# HELP! trouble factoring while using the chain rule + the product rule

Discussion in 'Community Discussion' started by macman2790, Feb 28, 2007.

1. ### macman2790 macrumors 6502a

Joined:
Sep 4, 2006
Location:
Texas
#1
I'm having trouble factoring using the chain rule with the product rule. the answer is in the book but i cant figure out how to factor it out correctly. Will someone please walk me through the factoring part, i'm having trouble with every problem like this and i have very many. the problem is:
differentiate:
y = (1+4x)^5 (3+x-x^2)^8

heres what I have so far:

y'= [5(1+4x)^4(4)](3+x-x^2)^8 + [8(3+x-x^2)^7*(1-2x)(1+4x^5)

now here's the answer:4(1+4x)^4(3+x-x^2)^7(17 + 9x - 21x^2)

Thanks in advance for the help.

2. ### swiftaw macrumors 603

Joined:
Jan 31, 2005
Location:
Omaha, NE, USA
#2
y = (1+4x)^5 (3+x-x^2)^8

y' = 20(1+4x)^4 (3+x+x^2)^8 + 8(1-2x)(3+x-x^2)^7 (1+4x)^5

= 20(1+4x)^4 (3+x+x^2)^7 (3+x+x^2) + 8(1-2x)(3+x-x^2)^7 (1+4x)^4 (1+4x)

= 4(1+4x)^4 (3+x+x^2)^7 [5 (3+x+x^2) + 2 (1-2x) (1+4x)]

I think the answer follows from here by simplifying what is in [...]

3. ### macman2790 thread starter macrumors 6502a

Joined:
Sep 4, 2006
Location:
Texas
#3
thank you very much, i should have a bit of an easier time simplifying the rest of the 15 product rule + chain rule problems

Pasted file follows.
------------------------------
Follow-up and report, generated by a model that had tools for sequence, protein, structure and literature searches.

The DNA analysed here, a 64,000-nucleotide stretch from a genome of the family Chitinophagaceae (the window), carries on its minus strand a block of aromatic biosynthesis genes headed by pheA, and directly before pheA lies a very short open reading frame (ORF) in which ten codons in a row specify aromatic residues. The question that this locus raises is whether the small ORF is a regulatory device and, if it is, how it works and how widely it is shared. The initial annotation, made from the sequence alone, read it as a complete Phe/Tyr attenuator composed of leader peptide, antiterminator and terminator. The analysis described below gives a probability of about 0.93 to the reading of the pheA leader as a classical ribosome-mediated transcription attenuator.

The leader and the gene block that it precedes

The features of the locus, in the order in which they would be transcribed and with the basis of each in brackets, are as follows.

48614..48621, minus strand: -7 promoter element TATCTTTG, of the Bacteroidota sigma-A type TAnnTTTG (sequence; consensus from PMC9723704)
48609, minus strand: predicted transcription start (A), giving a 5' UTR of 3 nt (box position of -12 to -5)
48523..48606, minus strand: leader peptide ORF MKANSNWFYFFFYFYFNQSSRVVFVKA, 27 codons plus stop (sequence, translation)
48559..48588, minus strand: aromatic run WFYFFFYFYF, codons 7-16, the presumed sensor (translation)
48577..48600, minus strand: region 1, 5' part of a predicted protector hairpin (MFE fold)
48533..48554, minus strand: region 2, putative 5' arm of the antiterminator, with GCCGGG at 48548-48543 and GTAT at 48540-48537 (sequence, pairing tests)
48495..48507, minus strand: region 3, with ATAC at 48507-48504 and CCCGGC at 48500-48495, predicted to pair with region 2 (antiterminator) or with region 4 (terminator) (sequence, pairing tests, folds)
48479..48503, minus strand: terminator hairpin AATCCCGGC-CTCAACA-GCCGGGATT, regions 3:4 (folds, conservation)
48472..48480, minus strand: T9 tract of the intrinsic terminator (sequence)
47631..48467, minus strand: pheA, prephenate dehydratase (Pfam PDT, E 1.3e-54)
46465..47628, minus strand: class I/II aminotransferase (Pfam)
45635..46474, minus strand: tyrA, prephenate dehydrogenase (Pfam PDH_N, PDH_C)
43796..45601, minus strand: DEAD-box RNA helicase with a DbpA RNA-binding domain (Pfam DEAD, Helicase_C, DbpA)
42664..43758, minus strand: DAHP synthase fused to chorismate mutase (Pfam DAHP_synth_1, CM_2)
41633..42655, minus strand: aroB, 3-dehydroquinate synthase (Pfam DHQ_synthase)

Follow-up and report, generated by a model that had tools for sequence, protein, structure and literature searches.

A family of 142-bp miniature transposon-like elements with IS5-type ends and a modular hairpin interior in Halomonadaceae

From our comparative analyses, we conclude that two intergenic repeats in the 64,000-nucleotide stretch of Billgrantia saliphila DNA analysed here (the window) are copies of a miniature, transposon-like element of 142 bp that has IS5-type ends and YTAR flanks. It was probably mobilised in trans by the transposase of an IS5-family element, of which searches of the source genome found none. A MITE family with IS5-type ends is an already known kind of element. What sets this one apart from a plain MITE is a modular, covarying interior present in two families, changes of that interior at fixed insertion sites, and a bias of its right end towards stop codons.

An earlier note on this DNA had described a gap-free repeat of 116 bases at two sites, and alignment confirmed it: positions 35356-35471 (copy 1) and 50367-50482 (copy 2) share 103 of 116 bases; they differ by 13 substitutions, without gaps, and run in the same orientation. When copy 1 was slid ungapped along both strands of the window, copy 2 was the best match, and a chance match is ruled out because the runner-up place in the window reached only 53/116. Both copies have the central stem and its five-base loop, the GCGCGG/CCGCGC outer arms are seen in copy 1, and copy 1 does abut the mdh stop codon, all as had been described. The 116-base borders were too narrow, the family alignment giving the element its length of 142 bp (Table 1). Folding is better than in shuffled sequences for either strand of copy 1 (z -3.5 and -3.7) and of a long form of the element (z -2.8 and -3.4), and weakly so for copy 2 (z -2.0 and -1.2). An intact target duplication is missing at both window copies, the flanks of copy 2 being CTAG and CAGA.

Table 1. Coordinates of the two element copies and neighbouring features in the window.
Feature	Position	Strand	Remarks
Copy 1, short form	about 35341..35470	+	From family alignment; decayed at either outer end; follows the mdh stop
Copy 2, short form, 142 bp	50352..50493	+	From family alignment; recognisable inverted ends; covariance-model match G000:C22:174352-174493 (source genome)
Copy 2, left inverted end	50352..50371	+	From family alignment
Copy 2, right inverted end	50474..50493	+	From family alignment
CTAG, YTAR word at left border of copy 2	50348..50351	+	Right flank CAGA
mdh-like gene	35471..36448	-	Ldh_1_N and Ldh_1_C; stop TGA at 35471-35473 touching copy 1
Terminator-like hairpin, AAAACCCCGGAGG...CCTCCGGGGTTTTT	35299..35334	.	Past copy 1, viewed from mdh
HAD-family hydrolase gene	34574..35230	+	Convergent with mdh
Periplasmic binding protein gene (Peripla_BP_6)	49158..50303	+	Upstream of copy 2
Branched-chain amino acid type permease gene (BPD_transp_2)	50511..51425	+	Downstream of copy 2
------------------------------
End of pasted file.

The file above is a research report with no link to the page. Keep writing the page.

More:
4. ### macman2790 thread starter macrumors 6502a

Joined:
Sep 4, 2006
Location:
Texas
#4
= 20(1+4x)^4 (3+x+x^2)^7 (3+x+x^2) + 8(1-2x)(3+x-x^2)^7 (1+4x)^4 (1+4x)

= 4(1+4x)^4 (3+x+x^2)^7 [5 (3+x+x^2) + 2 (1-2x) (1+4x)]

does anyone mind telling me why 2(1+4x)^4 is simplifying to 4(1+4x), its just too late for me lol.

5. ### swiftaw macrumors 603

Joined:
Jan 31, 2005
Location:
Omaha, NE, USA
#5
?

Not sure where you are looking?

I split the 20 up into 4*5, the 4 is still out front, the 5 is inside the [..]

6. ### macman2790 thread starter macrumors 6502a

Joined:
Sep 4, 2006
Location:
Texas
#6
i just saw it right before you posted, thanks, like i said it's too late for math lol.

7. ### swiftaw macrumors 603

Joined:
Jan 31, 2005
Location:
Omaha, NE, USA
#7
It's never too late for math